Thursday, June 4, 2009

The Prose Poem


I've heard the prose poem defined as a poem in a box. I have to admit that it's a form I avoided for a long time. I just couldn't bear to give up line breaks. Still, I wanted to expand my repertoire so I kept trying. I achieved a few poems that looked sort of box-like. The lines were long and approximately equal in length. Approximately. Still, not a real prose poem.

Then I read No Boundaries: Prose Poems by 24 American Poets, edited by Ray Gonzalez (Tupelo Press, 2003). In this collection of prose poems, I found many that I liked. And I found, somewhat to my surprise, quite a variety of shapes. Yes, the lines were all justified, but some poems were fatter than others. Some were broken into stanzas. For the first time, I appreciated that the prose poem isn't just about getting a symmetrical shape. I found lots of imagery, lots of figurative language, lots of devices of sound. In other words, lots of craft.

Eventually, as I learned more about the form and kept trying, I did end up with a prose poem. And that one seemed just right for the form. I think that's what I needed all along, a poem that felt like it needed to be stuffed into a box. A union between form and meaning. Nevertheless, while I am still happy with my prose poem, for the most part I remain married to line breaks. But it's an intriguing form, one I hope to use again.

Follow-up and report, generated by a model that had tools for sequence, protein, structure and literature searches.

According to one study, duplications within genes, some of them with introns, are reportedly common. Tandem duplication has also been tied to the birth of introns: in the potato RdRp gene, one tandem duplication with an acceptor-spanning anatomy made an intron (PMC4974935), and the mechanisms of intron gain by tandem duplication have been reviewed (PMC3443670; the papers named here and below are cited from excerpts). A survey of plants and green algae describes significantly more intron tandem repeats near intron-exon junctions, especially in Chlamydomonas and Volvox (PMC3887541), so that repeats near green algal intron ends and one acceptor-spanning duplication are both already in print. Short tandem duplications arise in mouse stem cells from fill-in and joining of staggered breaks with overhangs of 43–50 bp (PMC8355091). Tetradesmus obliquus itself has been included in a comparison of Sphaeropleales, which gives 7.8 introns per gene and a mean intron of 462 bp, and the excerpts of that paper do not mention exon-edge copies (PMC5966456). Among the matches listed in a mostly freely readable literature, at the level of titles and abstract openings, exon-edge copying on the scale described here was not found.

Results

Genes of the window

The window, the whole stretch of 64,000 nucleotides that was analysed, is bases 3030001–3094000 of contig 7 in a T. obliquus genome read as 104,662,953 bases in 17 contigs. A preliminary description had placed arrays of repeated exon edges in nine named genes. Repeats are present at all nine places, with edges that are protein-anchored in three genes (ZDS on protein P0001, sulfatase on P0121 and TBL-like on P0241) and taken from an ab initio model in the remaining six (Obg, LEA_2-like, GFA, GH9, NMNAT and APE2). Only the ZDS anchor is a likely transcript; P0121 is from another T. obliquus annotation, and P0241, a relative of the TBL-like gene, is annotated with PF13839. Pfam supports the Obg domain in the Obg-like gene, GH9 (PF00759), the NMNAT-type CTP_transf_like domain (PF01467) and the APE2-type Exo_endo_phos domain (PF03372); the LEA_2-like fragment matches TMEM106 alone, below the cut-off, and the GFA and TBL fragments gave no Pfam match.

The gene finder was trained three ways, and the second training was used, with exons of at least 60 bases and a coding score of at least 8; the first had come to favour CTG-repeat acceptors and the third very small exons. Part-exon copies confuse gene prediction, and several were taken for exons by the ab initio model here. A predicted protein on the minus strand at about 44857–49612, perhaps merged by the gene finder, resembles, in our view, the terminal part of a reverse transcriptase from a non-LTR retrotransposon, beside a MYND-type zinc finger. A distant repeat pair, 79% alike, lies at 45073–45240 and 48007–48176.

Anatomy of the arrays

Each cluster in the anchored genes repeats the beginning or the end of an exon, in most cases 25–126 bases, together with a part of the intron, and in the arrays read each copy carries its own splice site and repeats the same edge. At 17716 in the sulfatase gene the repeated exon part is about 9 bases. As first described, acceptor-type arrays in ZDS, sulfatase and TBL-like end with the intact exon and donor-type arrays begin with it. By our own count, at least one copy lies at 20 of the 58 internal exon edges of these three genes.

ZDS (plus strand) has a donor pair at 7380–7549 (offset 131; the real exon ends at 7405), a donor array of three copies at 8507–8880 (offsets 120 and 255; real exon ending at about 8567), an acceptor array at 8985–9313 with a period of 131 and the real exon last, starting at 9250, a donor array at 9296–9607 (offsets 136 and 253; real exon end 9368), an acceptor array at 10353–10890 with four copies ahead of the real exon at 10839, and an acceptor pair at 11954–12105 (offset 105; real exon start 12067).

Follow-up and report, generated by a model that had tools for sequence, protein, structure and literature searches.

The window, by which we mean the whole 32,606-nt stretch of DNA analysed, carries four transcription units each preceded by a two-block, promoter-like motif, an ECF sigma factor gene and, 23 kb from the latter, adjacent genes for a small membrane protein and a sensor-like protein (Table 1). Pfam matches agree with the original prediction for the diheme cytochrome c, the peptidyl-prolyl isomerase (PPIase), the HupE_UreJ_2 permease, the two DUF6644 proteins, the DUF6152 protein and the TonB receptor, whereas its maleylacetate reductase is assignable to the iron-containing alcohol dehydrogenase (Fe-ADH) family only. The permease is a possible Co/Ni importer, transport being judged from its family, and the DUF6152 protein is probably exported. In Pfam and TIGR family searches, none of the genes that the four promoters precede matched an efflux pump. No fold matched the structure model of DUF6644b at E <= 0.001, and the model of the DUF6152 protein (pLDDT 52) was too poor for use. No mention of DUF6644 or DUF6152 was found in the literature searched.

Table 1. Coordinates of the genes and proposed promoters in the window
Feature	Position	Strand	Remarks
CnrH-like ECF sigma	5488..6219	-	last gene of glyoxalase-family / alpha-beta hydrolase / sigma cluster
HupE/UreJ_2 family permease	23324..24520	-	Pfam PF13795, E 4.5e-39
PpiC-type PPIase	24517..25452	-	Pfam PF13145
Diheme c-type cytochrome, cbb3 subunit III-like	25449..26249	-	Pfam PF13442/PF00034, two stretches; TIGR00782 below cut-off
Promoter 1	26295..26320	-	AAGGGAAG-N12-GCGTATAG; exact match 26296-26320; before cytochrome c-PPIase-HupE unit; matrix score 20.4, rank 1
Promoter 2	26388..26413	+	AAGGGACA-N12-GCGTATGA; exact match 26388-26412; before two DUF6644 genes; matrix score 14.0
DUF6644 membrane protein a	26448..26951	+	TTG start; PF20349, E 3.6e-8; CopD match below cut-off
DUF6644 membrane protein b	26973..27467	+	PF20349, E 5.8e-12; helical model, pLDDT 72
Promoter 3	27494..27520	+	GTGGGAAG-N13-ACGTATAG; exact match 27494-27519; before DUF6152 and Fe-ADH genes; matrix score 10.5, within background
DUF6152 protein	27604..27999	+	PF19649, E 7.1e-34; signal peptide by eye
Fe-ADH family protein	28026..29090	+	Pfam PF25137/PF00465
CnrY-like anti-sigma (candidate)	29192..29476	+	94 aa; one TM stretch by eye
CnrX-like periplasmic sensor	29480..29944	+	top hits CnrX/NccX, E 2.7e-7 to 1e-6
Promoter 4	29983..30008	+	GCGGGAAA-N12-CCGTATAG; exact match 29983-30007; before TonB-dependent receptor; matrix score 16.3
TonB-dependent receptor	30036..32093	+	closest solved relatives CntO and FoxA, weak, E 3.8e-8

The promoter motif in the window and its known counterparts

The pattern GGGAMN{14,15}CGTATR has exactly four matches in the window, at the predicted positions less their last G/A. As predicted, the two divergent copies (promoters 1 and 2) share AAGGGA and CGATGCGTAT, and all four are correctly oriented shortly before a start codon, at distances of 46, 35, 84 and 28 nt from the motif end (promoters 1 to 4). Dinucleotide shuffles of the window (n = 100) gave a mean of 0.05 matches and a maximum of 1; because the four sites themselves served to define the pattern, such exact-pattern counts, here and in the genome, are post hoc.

So I was happy to see that the most recent issue of Review Revue is devoted to a consideration of the prose poem. If you don't know this journal, it's one I'd like to recommend to you. It's a tabloid format, admittedly not pretty, but it folds up so easily into pockets and travels well. The journal appears three times a year and is a bargain at $12 a subscription. It's entirely about poetry but contains no poetry. You'll find interviews, lots of book reviews (most of substantial length), and essays. The current issue even has a few cartoons, yes, cartoons about prose poems.

Articles include "History / Influences: The Prose Poem," by Christopher Buckley; "The Prose Poem Is a Form Received," by Alexander Long; and a terrific Q&A with a number of prose poem poets. This last piece ends with Charles Simic's definition of a prose poem as "a dog that talks." Several of the interviewed poets then offer their own metaphors for the prose poem. Here are some of my favorites:
Peter Johnson: "A fly with a social conscience."
Charles Harper Webb: "the duck-billed platypus of poetry"
Nin Andrews: ". . . the prose poem is a penguin. It's a bird that doesn't fly."
Kathi McGookey: "the secret agent of literature"
John Bradley: "The prose poem smells like it needs a shower."

Challenge: Write a prose poem about a box. You decide what's in that box.


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